There's a crisis spreading across the land.
It's not an energy crisis, a crisis of confidence, or even an economic crisis of global proportions. It's a crisis in baby sitters.
As parents desperate for a night out can attest, there just aren't enough people willing to look after America's children. Causes range from a demographic dip in the number of teens to a boom in the number of girls playing sports - which leaves them less time to baby-sit.
OK, so the shortage isn't cause to call out the National Guard. But for anyone who has missed an important PTA meeting or cancelled a china-and-crystal dinner party because all the guests had to bring kids who still needed tippy-cups, it's clear the sitter crisis is altering the social rhythms of families and neighborhoods.
Robin Schwartz-Kreger knows all about it. This mother of a tow-headed, Barney-loving toddler has learned that in today's spandex-tight baby-sitter market, it takes tenacity - and then some - to secure a sitter.
Last summer at the pool in her suburban Maryland neighborhood, for instance, as her son Eli frolicked in the kiddie area, Ms. Schwartz-Kreger spotted a bright-eyed teenager. Striking up a conversation, she quickly cut to the chase - and the girl, it turned out, was willing to be a sitter. Kimberly has since become one of Schwartz-Kreger's favorite Eli watchers.
"Fifteen years ago I was trying to meet guys at the pool," she says, chuckling. "Now I'm trying to meet baby sitters."
Why they're so elusive
So are the rest of America's parents. The sitter shortage, it turns out, is driven by a number of trends.
* In 1980, there were 16 million 14- to 17-year-olds. By 1990, there were just 13 million. The number is starting to jump back up, but in the teen group, America is in between the baby boom and its echo.
* Today 80 to 90 percent of suburban 12-year-old girls are on athletic teams, according to Northeastern University's Center for Sport and Society. That's double the number in decades past.
* The plenteous "now hiring" signs in store windows also draw in teens seeking extra cash - teens who might otherwise baby-sit.
There is a host of other, more subtle factors too, says Judith Lederman, author of "Searching for Mary Poppins" and the child-care expert for America Online's moms' chat group. These range from kids being more scheduled than ever - with ballet classes, music lessons, and sports - to kids starting to date at a younger age.
"Trying to get time with a sitter is more like scheduling a corporate executive than a kid," Ms. Lederman says.
That's certainly true for Melissa Butterfield, a high school junior in Holliston, Mass. Her easy rapport with kids and parents makes her a much-sought-after sitter.
But her packed sports schedule - soccer in the fall, basketball in the winter, and managing softball in the spring, along with the fact that she studies hard - makes her tough to snag.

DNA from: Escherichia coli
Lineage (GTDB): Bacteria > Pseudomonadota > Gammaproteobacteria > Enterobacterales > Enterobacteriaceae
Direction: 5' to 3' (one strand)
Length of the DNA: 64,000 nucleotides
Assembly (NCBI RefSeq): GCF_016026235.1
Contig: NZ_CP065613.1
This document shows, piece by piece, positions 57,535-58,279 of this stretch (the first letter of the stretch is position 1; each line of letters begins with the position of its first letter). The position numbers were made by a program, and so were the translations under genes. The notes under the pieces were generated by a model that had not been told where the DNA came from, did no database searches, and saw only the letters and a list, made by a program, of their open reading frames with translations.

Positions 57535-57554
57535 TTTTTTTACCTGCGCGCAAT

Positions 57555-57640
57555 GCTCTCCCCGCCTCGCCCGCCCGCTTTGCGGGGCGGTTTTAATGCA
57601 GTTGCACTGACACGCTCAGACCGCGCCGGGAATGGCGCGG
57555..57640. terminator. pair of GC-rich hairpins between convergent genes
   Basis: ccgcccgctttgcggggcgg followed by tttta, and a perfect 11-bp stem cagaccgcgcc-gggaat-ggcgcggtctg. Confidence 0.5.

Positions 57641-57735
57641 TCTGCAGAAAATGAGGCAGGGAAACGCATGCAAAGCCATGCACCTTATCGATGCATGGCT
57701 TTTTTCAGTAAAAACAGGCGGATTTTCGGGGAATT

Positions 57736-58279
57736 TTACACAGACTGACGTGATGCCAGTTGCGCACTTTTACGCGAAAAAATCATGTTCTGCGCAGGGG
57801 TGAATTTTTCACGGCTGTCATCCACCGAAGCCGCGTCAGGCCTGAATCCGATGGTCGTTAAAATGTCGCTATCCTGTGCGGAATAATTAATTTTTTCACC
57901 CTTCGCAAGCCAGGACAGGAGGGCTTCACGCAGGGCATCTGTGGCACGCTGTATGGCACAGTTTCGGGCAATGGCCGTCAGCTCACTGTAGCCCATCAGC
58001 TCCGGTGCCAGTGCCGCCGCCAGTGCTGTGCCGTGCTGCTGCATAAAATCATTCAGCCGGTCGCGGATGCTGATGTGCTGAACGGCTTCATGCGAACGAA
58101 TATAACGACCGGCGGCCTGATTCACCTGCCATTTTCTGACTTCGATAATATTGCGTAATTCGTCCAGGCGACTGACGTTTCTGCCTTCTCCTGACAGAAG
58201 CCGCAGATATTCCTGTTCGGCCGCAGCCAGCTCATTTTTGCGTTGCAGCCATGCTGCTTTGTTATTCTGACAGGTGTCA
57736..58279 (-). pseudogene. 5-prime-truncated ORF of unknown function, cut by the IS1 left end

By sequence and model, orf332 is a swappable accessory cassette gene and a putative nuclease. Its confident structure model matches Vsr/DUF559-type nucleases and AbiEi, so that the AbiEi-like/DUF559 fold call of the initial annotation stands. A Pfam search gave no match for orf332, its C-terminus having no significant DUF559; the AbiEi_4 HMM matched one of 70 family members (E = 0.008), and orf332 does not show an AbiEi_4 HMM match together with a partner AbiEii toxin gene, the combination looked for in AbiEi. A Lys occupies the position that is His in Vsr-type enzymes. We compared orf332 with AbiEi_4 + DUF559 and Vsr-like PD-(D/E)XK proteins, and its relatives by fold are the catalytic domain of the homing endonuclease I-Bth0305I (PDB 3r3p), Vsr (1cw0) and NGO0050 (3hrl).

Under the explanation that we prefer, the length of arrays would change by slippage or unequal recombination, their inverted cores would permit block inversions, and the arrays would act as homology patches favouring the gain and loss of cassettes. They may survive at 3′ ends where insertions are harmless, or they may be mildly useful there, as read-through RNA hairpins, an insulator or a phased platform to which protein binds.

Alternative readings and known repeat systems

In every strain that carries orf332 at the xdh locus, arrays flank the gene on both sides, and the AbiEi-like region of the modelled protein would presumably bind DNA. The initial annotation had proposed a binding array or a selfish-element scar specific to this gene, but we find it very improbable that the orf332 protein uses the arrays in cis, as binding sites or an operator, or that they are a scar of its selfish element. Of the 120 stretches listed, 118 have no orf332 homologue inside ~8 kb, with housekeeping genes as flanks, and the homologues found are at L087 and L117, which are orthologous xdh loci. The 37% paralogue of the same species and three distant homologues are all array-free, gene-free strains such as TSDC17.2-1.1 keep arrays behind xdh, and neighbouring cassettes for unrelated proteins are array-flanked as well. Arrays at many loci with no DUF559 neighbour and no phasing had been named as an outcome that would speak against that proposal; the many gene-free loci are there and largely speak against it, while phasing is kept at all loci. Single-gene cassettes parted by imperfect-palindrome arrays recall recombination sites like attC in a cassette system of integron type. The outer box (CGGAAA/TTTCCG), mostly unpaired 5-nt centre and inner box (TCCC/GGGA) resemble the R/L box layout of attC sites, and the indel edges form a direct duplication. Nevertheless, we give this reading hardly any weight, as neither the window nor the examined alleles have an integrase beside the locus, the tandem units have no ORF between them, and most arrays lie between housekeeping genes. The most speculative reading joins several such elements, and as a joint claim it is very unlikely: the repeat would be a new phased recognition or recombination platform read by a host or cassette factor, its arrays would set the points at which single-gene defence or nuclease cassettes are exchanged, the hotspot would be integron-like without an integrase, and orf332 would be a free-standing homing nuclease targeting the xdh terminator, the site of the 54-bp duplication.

When she does find time to baby-sit, she usually gets paid $5 to $6 an hour - "plus time-and-a-half after midnight," she says in a business-like tone.
Like a star athlete with contracts piling up at her feet, Melissa, and many sitters today, can afford to be choosy.
There's one family in particular that this aspiring teacher tries to squeeze in. "The kids are awesome," she says. "And the parents say, 'Eat whatever you want. Make yourself at home. Go to sleep if you want.' "
If these parents call on short notice - even on a Friday night when she's got tentative plans with friends - Melissa will likely try to accommodate them. (Although, like any socially active high-schooler, she says it depends on whom her plans are with.) With other families, however, she's not quite as willing.
Secrets of success
But lest parents begin to feel like the mythical Sisyphus, there are some who have reached the pinnacle of baby-sitting security.
Wendy Burchard is a single mom in Richland, Wash., with a Lego-loving son named Ashton. Because she works six days a week as a steak-house waitress, she needs sitters constantly for the time when Ashton isn't in school.
Her secret to success: classified ads. She puts them in the local paper, in the nearby college's paper, even on the Internet. And although she hires only about 1 in 15 respondents, the steady stream of callers to her house lets her pick and choose.
In Holliston, Mass., meanwhile, 10 mothers have started a baby-sitting cooperative. When one mom baby-sits for another, she gets one point per child per hour. She can then cash in those points later when she needs a sitter.
"When I really need someone, it's never failed me," says co-op leader Kristin Foster. "And the best thing is that it's free."
Keeping them happy
Finally, for those who do have sitters, Robin Schwartz-Kreger has a bit of advice for keeping them around in the harsh reality of today's market. "Bribery always works," she laughs.
Indeed, before Kimberly comes to her house, Schwartz-Kreger rushes to the video store and then stops by the supermarket to get Kimberly's favorite potato chips.
"These aren't just regular chips," she says. "They're the funky, flavored, gourmet kind that go for $3 a bag."
But, alas, even stellar chips won't keep Kimberly from going away to college next year.
Still, Schwartz-Kreger remains optimistic. "Summer's coming," she says. "Maybe I'll meet more baby sitters at the pool."